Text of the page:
We’ve looked at the banality of problems that plague execution, the limitations of the perfect worlds of strategy, and the deep, often conflicting, hierarchies that underlie action. We’ve seen how difficult it is to create, communicate, and scale coherent action hierarchies. But these might still seem like practical challenges that can be overcome if we could just make our models accurate enough, our meta-capabilities developed enough, our goals clear enough, our language explicit enough, and our incentives powerful enough. Maybe not today, but in the future. Maybe if we could gather sufficient empirical evidence, develop direct brain-to-brain communication, build an optimal planning computer, or otherwise improve our capabilities, we could converge to solutions that are fair, stable, effective, and objectively correct.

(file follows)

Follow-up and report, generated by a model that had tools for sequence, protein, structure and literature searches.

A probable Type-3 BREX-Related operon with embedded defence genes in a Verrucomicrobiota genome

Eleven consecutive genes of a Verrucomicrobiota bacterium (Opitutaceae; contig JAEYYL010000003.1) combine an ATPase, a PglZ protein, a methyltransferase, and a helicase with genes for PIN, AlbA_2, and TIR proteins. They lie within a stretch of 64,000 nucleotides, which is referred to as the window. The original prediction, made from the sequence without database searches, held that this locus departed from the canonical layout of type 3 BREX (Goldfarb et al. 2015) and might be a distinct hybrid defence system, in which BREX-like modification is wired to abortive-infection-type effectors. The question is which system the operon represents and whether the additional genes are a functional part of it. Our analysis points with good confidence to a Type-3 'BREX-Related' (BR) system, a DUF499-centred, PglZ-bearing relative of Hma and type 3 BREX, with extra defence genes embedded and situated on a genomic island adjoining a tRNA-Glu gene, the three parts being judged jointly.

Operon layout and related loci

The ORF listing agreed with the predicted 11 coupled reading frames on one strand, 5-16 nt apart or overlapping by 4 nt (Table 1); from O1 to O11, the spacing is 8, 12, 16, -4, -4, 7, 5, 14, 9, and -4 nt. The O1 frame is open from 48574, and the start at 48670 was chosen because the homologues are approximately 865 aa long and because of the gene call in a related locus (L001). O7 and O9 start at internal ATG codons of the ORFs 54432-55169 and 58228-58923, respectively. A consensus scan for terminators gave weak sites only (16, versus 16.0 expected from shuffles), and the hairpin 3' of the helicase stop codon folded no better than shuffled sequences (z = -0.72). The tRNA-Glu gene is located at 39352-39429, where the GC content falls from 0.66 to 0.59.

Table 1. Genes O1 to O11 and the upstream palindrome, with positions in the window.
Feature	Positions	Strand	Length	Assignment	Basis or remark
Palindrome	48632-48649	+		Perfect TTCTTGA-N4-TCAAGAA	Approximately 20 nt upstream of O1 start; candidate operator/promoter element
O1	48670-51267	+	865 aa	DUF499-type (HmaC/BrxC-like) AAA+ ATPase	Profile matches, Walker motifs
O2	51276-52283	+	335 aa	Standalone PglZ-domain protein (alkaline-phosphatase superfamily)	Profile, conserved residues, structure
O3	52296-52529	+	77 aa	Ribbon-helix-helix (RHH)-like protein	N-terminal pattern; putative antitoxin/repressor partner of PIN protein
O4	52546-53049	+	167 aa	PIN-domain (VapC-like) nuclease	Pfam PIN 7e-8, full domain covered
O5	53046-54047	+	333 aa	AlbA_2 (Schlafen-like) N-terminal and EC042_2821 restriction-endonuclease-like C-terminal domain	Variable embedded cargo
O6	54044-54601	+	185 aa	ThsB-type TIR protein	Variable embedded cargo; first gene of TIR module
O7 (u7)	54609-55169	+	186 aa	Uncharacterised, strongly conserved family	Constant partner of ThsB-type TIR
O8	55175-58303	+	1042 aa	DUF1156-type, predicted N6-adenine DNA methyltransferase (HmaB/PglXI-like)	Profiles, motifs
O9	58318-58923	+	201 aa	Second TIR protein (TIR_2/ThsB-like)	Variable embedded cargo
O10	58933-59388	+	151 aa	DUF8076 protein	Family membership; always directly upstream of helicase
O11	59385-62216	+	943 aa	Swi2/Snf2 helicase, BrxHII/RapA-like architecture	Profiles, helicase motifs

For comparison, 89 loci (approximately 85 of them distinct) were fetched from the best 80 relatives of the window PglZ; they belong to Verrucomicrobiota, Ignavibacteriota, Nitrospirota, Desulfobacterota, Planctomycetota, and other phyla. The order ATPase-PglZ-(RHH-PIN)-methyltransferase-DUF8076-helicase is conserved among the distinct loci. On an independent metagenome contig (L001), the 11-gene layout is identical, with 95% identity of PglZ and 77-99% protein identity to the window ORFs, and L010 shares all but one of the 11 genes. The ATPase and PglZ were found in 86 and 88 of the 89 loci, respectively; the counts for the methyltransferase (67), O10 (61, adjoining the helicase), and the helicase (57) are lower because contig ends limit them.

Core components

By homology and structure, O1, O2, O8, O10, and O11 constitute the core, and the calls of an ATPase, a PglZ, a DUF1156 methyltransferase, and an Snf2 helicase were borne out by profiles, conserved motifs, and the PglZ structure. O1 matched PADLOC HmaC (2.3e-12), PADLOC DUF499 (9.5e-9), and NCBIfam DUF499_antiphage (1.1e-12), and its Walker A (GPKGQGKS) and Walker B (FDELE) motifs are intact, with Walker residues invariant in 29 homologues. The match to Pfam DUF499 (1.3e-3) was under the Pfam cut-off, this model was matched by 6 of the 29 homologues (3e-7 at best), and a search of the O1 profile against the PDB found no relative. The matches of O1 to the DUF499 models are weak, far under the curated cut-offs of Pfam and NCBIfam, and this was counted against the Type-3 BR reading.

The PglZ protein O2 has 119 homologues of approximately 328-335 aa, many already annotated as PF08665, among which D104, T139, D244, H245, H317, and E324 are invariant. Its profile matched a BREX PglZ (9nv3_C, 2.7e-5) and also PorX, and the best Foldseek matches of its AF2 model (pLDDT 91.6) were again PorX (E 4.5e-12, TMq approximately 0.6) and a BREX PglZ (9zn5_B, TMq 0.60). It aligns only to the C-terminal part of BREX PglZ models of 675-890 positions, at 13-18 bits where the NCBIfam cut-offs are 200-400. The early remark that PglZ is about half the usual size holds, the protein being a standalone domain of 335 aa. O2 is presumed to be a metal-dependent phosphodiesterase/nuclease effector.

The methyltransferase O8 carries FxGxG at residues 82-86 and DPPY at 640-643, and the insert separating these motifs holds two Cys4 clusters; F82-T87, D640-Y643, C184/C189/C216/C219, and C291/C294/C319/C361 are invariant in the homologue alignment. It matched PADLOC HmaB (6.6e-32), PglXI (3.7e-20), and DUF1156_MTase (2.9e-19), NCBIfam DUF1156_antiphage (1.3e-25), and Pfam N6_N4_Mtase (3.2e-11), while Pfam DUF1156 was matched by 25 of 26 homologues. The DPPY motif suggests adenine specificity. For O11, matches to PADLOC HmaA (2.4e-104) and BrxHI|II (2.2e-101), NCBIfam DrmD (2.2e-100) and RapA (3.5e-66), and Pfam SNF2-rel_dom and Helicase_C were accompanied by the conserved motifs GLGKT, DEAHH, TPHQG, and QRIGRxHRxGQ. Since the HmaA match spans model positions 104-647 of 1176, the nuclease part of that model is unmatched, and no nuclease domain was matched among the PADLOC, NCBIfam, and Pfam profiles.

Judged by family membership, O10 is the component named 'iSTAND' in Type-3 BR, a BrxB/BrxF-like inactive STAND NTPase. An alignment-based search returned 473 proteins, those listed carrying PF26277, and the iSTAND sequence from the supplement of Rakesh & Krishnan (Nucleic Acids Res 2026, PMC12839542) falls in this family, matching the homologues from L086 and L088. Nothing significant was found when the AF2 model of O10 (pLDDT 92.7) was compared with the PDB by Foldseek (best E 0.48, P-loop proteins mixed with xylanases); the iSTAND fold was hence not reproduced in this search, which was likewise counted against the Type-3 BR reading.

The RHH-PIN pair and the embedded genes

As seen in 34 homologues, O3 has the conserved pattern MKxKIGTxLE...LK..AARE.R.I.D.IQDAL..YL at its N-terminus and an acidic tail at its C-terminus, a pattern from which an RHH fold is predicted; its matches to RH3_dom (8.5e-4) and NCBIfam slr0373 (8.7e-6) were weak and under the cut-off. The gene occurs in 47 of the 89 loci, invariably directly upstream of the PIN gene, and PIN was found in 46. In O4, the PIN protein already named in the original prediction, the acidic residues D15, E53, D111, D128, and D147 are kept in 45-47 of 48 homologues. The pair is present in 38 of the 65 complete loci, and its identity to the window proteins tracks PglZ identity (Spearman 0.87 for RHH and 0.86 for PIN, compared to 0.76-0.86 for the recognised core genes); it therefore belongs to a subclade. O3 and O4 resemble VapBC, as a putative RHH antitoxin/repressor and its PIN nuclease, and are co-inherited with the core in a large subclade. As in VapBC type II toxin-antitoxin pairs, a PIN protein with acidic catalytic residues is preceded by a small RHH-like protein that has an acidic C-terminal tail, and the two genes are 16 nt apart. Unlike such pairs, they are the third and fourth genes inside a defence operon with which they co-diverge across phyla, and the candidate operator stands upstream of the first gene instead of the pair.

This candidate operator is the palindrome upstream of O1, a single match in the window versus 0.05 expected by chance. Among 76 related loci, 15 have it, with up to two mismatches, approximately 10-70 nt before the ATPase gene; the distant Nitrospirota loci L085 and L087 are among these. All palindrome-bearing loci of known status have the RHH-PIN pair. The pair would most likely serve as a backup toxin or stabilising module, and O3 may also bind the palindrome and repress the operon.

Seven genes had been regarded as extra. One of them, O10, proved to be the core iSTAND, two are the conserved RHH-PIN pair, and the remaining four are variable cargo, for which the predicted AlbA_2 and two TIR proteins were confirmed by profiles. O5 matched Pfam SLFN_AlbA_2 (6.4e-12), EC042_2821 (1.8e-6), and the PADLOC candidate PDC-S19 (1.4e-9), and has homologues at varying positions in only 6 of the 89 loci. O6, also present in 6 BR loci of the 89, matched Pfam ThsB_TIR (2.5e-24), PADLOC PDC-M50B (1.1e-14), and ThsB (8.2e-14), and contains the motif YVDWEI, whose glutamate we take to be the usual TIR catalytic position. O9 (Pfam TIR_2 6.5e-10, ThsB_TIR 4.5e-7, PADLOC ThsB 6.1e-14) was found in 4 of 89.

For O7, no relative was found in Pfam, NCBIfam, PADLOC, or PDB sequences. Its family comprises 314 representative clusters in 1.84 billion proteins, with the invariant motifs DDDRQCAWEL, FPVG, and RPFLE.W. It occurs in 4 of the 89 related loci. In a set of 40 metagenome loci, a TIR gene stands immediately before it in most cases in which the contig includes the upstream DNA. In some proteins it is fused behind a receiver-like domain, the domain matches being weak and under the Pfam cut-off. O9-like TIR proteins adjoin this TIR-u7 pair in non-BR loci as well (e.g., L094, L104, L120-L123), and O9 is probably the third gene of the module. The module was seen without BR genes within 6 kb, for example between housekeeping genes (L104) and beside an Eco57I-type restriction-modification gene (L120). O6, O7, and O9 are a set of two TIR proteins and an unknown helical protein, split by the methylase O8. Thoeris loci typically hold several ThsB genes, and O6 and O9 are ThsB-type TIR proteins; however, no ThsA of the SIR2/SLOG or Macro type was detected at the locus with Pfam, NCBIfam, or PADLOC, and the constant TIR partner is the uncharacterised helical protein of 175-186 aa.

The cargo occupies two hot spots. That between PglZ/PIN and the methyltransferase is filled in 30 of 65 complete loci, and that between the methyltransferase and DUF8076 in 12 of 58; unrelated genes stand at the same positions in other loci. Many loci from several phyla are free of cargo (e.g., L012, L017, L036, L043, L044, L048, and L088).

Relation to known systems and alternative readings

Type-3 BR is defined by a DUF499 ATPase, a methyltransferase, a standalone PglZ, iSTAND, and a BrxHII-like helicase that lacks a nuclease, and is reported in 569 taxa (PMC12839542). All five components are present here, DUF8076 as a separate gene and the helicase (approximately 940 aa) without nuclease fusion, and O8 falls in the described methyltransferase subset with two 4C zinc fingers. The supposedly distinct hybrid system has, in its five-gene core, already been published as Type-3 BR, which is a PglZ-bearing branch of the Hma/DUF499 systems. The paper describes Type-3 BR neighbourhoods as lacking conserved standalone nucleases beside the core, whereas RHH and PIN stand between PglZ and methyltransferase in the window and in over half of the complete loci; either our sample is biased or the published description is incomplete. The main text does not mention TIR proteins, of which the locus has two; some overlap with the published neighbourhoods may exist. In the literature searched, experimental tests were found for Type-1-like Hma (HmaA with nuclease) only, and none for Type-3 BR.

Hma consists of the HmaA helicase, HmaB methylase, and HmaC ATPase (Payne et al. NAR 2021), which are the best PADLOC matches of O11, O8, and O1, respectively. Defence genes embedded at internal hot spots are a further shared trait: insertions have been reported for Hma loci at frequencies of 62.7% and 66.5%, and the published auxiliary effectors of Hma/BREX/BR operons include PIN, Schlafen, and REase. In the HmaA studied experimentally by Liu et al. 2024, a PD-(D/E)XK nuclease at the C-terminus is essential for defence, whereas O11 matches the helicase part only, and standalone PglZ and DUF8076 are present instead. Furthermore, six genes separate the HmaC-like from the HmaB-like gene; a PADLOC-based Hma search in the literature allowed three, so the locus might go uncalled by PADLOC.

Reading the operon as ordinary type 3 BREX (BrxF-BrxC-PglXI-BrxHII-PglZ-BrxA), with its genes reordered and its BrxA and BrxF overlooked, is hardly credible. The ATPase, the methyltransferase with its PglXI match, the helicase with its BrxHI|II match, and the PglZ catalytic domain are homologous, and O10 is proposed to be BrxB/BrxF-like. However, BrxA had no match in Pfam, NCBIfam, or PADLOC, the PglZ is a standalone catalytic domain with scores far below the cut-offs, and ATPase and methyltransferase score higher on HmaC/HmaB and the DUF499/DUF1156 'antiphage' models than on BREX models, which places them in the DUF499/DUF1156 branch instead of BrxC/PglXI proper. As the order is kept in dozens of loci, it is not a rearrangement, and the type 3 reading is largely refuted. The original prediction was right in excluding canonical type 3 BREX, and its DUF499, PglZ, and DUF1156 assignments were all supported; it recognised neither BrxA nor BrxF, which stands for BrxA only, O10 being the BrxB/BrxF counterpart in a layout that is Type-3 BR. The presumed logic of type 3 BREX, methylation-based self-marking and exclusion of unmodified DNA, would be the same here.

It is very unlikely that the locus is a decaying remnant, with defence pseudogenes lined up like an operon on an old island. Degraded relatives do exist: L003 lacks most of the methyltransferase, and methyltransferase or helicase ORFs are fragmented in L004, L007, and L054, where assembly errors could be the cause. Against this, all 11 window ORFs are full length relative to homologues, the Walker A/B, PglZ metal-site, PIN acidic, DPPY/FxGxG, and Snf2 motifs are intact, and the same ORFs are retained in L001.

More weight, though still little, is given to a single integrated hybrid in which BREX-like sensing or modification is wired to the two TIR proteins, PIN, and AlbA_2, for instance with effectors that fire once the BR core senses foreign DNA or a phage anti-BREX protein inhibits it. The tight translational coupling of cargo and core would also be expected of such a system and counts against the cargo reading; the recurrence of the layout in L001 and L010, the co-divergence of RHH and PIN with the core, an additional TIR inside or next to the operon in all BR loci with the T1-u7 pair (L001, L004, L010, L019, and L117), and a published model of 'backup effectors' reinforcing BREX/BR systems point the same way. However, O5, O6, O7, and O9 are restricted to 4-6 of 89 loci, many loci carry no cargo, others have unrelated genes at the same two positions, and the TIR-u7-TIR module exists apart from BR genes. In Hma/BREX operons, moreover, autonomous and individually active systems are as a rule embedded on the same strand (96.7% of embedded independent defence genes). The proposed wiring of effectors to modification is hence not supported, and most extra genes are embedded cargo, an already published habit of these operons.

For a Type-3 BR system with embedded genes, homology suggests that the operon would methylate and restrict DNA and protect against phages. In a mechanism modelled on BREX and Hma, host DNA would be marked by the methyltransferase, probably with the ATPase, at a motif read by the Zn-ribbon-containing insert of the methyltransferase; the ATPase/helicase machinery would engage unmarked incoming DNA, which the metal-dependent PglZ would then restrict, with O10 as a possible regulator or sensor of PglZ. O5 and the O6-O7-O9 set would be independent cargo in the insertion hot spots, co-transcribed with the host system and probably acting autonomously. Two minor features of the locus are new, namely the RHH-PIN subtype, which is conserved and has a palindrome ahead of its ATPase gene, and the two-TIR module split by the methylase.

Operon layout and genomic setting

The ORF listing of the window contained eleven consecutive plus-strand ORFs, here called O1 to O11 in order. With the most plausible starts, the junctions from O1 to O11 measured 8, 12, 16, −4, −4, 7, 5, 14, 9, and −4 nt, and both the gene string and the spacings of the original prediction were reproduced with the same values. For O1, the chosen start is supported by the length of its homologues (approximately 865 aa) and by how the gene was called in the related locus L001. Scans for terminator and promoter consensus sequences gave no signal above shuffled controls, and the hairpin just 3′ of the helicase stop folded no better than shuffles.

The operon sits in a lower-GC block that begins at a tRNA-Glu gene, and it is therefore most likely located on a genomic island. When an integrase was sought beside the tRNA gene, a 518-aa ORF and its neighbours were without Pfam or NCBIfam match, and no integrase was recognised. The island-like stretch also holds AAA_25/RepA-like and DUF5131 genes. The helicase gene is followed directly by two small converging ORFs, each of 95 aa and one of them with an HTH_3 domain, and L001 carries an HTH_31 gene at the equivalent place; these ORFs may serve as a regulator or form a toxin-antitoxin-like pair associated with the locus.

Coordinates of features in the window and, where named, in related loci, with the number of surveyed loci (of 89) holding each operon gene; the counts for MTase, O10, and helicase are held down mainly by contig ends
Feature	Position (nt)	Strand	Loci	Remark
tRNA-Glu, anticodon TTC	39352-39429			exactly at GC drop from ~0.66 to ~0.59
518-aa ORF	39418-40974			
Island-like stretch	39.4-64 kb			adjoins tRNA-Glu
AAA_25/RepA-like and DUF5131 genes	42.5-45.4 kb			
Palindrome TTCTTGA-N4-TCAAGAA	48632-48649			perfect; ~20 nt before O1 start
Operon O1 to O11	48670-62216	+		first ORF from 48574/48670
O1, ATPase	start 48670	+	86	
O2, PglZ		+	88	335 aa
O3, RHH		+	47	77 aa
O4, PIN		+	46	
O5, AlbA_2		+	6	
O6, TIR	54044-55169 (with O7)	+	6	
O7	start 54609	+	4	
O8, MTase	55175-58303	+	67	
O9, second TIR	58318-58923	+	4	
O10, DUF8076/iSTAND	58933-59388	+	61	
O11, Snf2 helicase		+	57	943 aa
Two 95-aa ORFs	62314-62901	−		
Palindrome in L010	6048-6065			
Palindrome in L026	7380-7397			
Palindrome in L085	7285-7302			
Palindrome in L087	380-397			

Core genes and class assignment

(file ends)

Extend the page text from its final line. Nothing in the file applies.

It is common to blame lack of progress towards convergence on bad faith or incompetence. It is obvious how power, money, fame, or nepotism incentivize defense of the status quo. It is easy to find examples of hypocrisy, immorality, laziness, or unfairness. It is tempting to reach a comforting, but wrong, conclusion that perverse incentives, bad people, and flawed systems are the reason we don’t move towards obvious solutions.
There are, of course, massive practical imperfections that can be improved. But underneath all the misunderstandings, inefficiencies, bad faith, and practical challenges there are legitimate disagreements that have been engaged in good faith by smart, conscientious, and resourceful people for millennia; disagreements that have proven impossible to conclusively resolve even with the purest of intentions and even in the most idealized of thought experiments. Underneath the status quo are concessions – not just to the practical difficulty, but – to the theoretical impossibility of complete agreement.